On Fox News, Mike Huckabee slammed the 1954 federal tax law that regulates churches and religious groups from endorsing political candidates.
The segment, “The Fight for Faith,” covered the right wing’s latest “religious liberty” battle, this time in Houston, Texas.
Even before Democratic Mayor Annise Parker passed the Houston Equal Rights Ordinance in May, the religious right was out in force, fighting equality for LGBT people. Expecting litigation, Parker signed the bill into law but opted to place a hold on its effective date until any potential lawsuit were resolved.
One lawsuit came from a group of pastors, and in response, the City of Houston’s attorneys, apparently some working pro-bono, subpoenaed documents from several other pastors related to communications they had over the Equal Rights Ordinance. The subpoena reportedly included the word “sermons,” and now the religious right is claiming there actually is a separation of church and state — finally — and claiming this is a gross violation of their First Amendment rights.
Of course, it is not.
If you file a lawsuit, there are usually subpoenas, and the pastors should not have been surprised.
But on Fox News, which regularly runs segments titled ”The Fight for Faith,” any attempt to hold pastors to the rule of law is an outrage.
David Edwards at the Raw Story notes that Fox & Friends host Steve Doocy this morning called the City of Houston’s attempts to discover information related to a case in which it is being sued “intimidation.”
“But at its core, when you realize what they’re trying to do, I am astounded at the lack of outrage across this country. Because clearly it’s intimidation, and everybody should be outraged that the city mayor is trying to stifle religious liberty!”
In this morning’s interview, Huckabee claimed “there is nothing in the Constitution that prohibits a pastor from saying anything he wants to. There’s this ridiculous sort of false sword that hangs over a lot of churches, the Johnson Amendment, dating back to 1954, which I believe is unconstitutional on its face. It’s never been tested. No church in America — not one church has ever lost its tax exempt status.”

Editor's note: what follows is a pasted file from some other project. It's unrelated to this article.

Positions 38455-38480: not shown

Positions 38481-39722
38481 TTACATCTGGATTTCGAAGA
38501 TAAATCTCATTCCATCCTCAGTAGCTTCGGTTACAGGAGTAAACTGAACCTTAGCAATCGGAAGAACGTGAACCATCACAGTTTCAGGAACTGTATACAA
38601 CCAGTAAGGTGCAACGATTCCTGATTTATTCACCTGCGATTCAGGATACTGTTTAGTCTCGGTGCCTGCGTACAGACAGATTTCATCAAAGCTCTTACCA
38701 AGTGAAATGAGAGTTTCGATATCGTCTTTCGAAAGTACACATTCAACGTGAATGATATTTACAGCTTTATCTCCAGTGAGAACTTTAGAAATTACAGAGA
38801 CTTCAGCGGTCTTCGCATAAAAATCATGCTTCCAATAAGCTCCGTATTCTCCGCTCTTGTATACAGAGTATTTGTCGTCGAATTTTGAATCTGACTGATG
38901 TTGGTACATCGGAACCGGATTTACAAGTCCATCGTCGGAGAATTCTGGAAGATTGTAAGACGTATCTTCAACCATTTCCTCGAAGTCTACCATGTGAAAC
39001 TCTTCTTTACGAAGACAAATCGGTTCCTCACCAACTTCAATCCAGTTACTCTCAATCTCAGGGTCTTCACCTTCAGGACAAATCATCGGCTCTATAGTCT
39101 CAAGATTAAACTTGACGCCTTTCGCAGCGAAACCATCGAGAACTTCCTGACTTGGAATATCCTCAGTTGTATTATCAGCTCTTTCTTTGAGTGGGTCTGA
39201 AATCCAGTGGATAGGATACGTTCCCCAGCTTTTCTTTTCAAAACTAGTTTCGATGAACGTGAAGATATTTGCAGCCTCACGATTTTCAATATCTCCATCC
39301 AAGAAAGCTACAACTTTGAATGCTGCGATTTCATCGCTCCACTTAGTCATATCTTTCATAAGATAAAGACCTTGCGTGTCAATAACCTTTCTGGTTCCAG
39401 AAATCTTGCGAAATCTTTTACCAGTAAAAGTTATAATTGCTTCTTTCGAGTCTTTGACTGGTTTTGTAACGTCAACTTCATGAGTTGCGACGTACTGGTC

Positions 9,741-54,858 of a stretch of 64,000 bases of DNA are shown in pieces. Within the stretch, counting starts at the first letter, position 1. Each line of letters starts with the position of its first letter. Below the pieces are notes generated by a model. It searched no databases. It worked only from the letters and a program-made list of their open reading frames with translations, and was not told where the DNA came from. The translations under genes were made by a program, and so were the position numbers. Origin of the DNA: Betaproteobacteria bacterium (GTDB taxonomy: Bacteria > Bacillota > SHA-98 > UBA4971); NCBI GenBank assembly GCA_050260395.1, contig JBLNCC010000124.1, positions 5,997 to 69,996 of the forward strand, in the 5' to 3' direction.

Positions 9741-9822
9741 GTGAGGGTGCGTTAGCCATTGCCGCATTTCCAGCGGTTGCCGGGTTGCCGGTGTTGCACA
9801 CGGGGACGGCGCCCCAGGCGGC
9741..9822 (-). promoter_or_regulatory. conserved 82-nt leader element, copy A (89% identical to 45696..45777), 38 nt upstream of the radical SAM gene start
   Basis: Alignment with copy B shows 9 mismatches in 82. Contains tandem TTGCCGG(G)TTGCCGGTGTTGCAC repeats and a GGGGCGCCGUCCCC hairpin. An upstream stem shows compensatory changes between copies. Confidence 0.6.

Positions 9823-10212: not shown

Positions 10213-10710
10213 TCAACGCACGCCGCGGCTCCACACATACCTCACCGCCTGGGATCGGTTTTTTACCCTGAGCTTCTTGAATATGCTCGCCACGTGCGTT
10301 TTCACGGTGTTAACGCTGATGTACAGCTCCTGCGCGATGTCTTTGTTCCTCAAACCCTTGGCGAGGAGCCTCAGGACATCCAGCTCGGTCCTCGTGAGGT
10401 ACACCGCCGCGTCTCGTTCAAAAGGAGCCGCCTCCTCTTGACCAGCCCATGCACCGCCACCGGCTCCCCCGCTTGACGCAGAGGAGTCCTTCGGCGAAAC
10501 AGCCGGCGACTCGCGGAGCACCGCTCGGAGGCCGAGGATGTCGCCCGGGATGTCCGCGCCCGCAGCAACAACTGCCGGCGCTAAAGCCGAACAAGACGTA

“And here’s the point, this has been used by the government as a means to silence free speech, which is protected by the first amendment. As well as religious freedom, which is protected by the First Amendment.”
Of course, there was the requisite Fox News trampling and dismissing of transgender people, with Doocy stating that the pastors merely want to stop “men from using ladies’ restrooms and stuff like that.”
I love how Huckabee has the balls to claim a voting rights infringement.
BTW- If you use your church pulpit to sway politics, you have moved from a faith based organization to a political action committee.
It’s one thing to practice your religion on a personal level, but to force your dogma on others is fanaticism.
Religious extremism is dangerous. We see what religious fanatics are doing in the Middle East. The religious right who call themselves Christian Conservatives are more subtle, but they are just as dangerous.